Human phosphoribosylpyrophosphate synthetase: increased enzyme specific activity in a family with gout and excessive purine synthesis by Becker M A, Kostel P J, Meyer L J, Seegmiller J E in Proceedings of the National Academy of Sciences of the United States of America (1973). PubMed

Abstract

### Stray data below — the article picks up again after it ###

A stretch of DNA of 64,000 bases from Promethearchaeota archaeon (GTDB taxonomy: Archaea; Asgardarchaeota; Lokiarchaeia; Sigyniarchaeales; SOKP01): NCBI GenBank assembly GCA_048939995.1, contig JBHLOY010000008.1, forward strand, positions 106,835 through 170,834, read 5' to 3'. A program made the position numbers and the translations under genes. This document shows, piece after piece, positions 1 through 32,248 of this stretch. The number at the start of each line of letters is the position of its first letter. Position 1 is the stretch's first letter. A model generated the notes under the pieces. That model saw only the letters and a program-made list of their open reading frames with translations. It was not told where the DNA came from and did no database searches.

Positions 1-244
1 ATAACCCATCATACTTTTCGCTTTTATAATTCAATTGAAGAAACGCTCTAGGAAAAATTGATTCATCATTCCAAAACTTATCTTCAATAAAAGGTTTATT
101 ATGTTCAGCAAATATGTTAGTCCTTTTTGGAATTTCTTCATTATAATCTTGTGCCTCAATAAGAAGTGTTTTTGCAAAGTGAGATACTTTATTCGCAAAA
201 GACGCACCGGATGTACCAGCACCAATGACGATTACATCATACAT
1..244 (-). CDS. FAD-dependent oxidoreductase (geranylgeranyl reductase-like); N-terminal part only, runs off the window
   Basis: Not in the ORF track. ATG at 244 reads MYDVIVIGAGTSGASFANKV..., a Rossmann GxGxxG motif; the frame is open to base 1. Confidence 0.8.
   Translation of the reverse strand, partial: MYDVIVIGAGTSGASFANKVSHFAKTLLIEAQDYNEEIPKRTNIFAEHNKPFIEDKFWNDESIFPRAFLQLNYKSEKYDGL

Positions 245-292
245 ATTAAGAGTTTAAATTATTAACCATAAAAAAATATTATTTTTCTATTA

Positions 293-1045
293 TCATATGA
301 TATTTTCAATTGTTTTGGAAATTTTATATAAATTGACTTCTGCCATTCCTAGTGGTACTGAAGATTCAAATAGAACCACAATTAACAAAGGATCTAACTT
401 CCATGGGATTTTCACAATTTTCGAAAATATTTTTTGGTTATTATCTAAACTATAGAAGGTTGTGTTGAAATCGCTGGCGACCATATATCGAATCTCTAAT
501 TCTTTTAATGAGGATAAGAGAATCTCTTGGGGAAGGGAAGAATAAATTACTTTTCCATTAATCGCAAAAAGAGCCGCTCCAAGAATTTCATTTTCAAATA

Among affected members of a family (B. family) with excessive purine production and gout, activity of phosphoribosylpyrophosphate synthetase (EC 2.7.6.1) is 2.5- to 3.0-fold higher than among normal people. The molecular basis for this increased enzyme activity was studied. Antibody to purified human phosphoribosylpyrophosphate synthetase of erythrocytes was obtained from immunized rabbits. Studies with the IgG fraction of this antiserum show the presence of normal quantities of immunoreactive enzyme, but 2.5- to 3.0-fold higher activity per molecule in affected members of the B. family. In addition, by use of a stain for phosphoribosylpyrophosphate synthetase activity, a difference in electrophoretic mobility was demonstrated on cellulose acetate gel between the partially purified enzyme from normal people and an affected member of the B. family. These studies suggest that the enzyme aberration responsible for purine overproduction and gout in the B. family results from a structurally altered enzyme with increased activity per molecule.

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